Consequently. extensively long transmission delay. The service discipline within each class is FCFS. We also not consider any kind of interference. and channel jamming. The heterogeneous priority structure is constructed by giving class A non-preemptive priority over class B on Si. SOLUTIONS FOR THE QUEUEING MODEL The basic model of multi server multi priority queue is depicted in Fig. with parameters 1/a and 1/b. For M/M/m system. In the case of heavy load the performance of CSMA/CA is not so good so it will not be give an accurate result for VDSA multiple access system and may give an overly optimistic prediction of performance measure. with arrival rates λa and λb for class A and Class B respectively. Kao. The services of secondary users are only stopped when primary users demand that channels in which the services are going on. There is no service interruption of lower priority when higher priority customer enters the system and lower one is in service. while class B receives priority over class A on S2. until the first moment there after that the number of busy servers decreases to m-1 or a customer from one of the classes k.n enters service. That means we consider a multi server multi priority nonpreemptive model whose performance measures will be done based on the average number of cars as well as the available vacant UHF TV channels within the transmission range. Federgruen et al [25] characterized the performance space of M/G/m nonpreemptive queueing system. 4. Higher priority customer should wait in particular queue assigned for higher priority until the service completion of lower priority user. k+1. But we avoid this topic here. in the queueing model we consider different priority classes of users using the vacant bands. Packet-based queueing model for VDSA in vacant UHF TV bands. We assume that the arrival process is Poisson. the interarrival times are exponentially distributed. The Laplace-Stieltjes transform (LST) [21] of γ is given by. The Basic model of priority queue (two classes-two servers).3 Fig. Wagner et al have studied multiserver non-preemptive model with two priority classes [17. thus VDSA multiple access system can be readily consider as a virtual queue following a FCFS or based on different criteria priority queue is also handled. 19]. It consists of two servers and there are only two classes of customers. It is also assumed that the service times are exponentially distributed. There are so many approaches to calculate the queue length and waiting time for each class. an arbitrary customer enters service and there are no class-a customers in queue. the average waiting time for different priority classes customer [26]. Kella et al [20] calculated the waiting time for non-preemptive priority M/M/m queue as follows: 45 where.  = ∑  . 24]. [22] considered the stationary distribution of queue lengths and waiting times.  = ∑   ! ∑   ! + !    (3) Wagner applied matrix-analytic methods to calculate the Laplace-Stieltjes Transform of the actual waiting time. the packet collision can be avoided in a well manner in CSMA/CA.  = +   =  = (5) For M/G/1 multi priority system. Both arrival and service processes are stochastic processes with class dependent parameters. where  =    =     (4)  ∑    . γ be the length of time from an instant when all servers are busy.….  = and  = / . (1) (2) and PQ is the probability that all servers are busy. 4. Gail. After completion the service higher one enters in service even though some lower priority customers are in their assigned queue from earlier the higher one. III. In the case of light traffic load of data packets. 18. Leemans. Venkataramani et al. In this paper. the waiting time and the response time are as follows:  ⋯  ⋯   ∑       +  (6) (7) .3. Kao implemented a power–series method for the two priority queues. Then the response time.   =     =  +  +  −  +  +   − 4   2          = 1 −   +      Fig. They also used three dimensional state spaces and applied a matrixgeometric method to analyze the queue [23. CSMA/CA with moderate traffic load is assumed to be employed by the transceiver on each vehicle to prevent collision.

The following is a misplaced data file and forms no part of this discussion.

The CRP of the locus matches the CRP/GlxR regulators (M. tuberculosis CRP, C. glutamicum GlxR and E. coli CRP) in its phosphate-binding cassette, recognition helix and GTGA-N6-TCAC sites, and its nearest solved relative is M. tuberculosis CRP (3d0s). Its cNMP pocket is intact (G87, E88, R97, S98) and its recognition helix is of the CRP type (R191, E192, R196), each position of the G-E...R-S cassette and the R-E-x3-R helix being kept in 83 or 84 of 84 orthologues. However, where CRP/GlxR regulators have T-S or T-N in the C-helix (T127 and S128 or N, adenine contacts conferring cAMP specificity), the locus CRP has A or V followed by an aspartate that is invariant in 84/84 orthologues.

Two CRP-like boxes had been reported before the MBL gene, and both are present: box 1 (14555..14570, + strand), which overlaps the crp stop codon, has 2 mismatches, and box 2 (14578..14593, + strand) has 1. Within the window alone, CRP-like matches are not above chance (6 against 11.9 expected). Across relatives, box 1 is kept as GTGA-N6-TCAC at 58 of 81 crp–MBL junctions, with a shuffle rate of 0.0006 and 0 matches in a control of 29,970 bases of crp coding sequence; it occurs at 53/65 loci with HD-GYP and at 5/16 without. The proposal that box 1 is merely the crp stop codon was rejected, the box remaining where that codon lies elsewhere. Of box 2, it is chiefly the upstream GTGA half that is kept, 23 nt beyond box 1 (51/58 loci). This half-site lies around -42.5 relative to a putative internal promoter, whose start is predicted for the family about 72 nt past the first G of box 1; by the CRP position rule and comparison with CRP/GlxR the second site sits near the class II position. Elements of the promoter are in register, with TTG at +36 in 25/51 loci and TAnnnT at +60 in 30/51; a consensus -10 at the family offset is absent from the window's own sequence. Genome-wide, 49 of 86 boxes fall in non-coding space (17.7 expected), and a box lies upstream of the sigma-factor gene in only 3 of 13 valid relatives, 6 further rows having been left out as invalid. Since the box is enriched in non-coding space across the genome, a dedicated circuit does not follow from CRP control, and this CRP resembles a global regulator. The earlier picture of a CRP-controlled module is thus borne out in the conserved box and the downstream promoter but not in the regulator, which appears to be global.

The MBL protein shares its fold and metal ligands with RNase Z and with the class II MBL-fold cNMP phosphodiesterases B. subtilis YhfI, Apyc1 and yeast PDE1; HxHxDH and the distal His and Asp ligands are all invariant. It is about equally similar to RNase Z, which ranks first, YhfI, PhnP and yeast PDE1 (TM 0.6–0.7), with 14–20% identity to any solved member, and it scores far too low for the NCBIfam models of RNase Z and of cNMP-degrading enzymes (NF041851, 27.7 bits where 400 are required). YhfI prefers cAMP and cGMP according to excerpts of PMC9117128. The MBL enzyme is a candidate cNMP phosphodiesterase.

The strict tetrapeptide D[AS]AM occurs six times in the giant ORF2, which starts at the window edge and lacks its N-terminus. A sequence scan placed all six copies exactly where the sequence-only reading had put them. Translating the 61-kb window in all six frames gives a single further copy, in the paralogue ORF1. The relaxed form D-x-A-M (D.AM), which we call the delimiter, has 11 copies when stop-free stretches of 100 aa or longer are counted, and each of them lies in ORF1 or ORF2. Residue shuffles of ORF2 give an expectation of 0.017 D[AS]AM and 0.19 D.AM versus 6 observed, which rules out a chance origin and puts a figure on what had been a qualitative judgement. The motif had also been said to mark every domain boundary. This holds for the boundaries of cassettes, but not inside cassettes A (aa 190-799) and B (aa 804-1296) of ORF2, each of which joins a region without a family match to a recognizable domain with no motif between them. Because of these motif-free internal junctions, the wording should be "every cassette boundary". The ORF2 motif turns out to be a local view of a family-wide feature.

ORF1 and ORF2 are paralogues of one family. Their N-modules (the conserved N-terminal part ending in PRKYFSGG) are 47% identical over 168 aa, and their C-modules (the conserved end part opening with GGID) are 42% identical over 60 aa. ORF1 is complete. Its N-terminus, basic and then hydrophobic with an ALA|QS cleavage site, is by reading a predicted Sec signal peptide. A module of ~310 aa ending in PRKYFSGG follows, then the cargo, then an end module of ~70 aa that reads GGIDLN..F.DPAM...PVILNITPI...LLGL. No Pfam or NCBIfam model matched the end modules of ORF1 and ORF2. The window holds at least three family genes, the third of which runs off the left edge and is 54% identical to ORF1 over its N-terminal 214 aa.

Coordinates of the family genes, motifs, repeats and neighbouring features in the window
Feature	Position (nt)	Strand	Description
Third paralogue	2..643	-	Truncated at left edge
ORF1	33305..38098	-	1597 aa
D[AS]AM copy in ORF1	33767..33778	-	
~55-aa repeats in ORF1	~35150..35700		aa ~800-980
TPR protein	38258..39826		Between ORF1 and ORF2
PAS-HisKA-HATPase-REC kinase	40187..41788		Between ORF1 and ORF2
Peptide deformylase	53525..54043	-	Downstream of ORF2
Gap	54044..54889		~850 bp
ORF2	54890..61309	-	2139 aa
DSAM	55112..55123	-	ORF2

Because we have much lower mean response time for each class of customers in the suburban area. We consider moderate traffic load that means sub-urban area. then (6) have a closed form solution  with  = . 300 meters. So.3 times of the average number of cars per kilometer. µ B. The second largest values for mean response time are obtained at Auburn. It has been happened due to different waiting times in both model are less comparable with transmission time in non-preemptive queueing model as there is no service interruption due to priority. ANALYSIS OF VDSA IN VACANT UHF TV CHANNELS In this work. with respective arrival and service rates λA. the calculation of the mean residual   time  = ∑   is not so easy. V. For priority 1 customers we also have higher mean response time at Boston of about 10 ms but still lower than that of priority 2 customers. In this analysis. the average delay per customer tends to be reduced. Average packet length is assumed of 500 bytes. Then for a non-preemptive system with two customer classes A and B.4 For multiple servers. The information about the available bandwidth in vacant UHF TV channels are extracted from Fig. =       (8) is smaller when A is given priority over B than when B is given priority over A. under the ITRC (Information Technology Research Center) support program supervised by the NIPA (National IT Industry Promotion Agency) (NIPA2011-C1090-1121-0001). 5.3 of [15]. We use multi-server multi-priority nonpreemptive queueing model to evaluate the system performance. 5. in a consequence we can say that in area of much lower traffic load such as rural area. It is assumed that the transmitting vehicle and the receiving vehicle of a communication pair are separated by the transmission range. IV. We reproduce the average number of cars per kilometer along I-90 using Fig. Considering data rate for each higher priority customer is 800 kbps and for each lower priority customer is 400 kbps. we use two types of arrival rates of 20 messages/second and 60 messages/second for two priority classes with meaninterarrival Fig. where PQ is the probability of all channels are busy. we see that in our model we have too much reasonable mean response time which meets the requirement of DSRC very well for all cases and for all kinds of customers. any car within the 500 meters sensing the communication pair cannot use the same channel. Fig. So. then the average delay per customer. The maximum response time of 11 ms is again obtained for the priority 2 customers where lower data rate of 400 kbps are assigned to priority 2 customers and higher data rate of 800 kbps are assigned to priority 1 customers. we analyze the feasibility of VDSA in vacant UHF TV white space. So. we use the data collected from Interstate I-90 in the state of Massachusetts shown in Fig. 46 . 1 we can understand that most white channels are adjacent to TV channels being used for broadcast. 3(b) of [15] and again interpolate the samples which shown in Fig. But if the service times of   all priority classes are identically and exponentially distributed. With arrival rate of 60 message/second priority 2 customers experience higher probability to get the channels are busy. CONCLUSION In this paper. For the arrival rate of 20 message/second for priority 1 customers experience comparatively less blocking probability. It is noticeable that for the same priority class of customer we have equal mean response time for both M/M/m and M/G/m model. this resource also be useful. Again. The results show that in suburban area. the output power of portable devices in vacant channels adjacent to TV broadcasting channels should keep under 40 mW. The models are applied to the vehicles traveling along I-90 in the state of Massachusetts. Here. time of 100 ms.7 shows the maximum mean response time of 12 ms for priority 2 customers at Boston in both M/M/m and M/G/m FCFS models where both priority classes have same data rate of 800 kbps. Average number of cars per kilometer along I-90. In the area of Boston both classes have higher probability. both M/M/m and M/G/m models are used. We considering about 20% customers have higher priority. If all priority classes have exponentially distributed service times with common mean 1/µ. A and λB. if we compare these results with [15] where preemptive queueing model is used. if we set higher priority to customers of short service times. In addition. ACKNOWLEDGEMENT This research was supported by the MKE (The Ministry of Knowledge Economy). and if A > µ B. So. From Fig. in a snapshot the number of cars increases to 1.5 of [6]. Korea. As a consequence the number of customers that is number of communication set considered is about 65% of the total number of cars per kilometer on I-90 in a snapshot. then we calculate R in a convenient way. vacant TV band is a feasible resource for vehicle communication which meets the requirements of DSRC. Okumura-Hata path loss model is used. We also see that when we use two different service rates for two classes and given highest priority to higher service rate reduces the average amount of mean response time.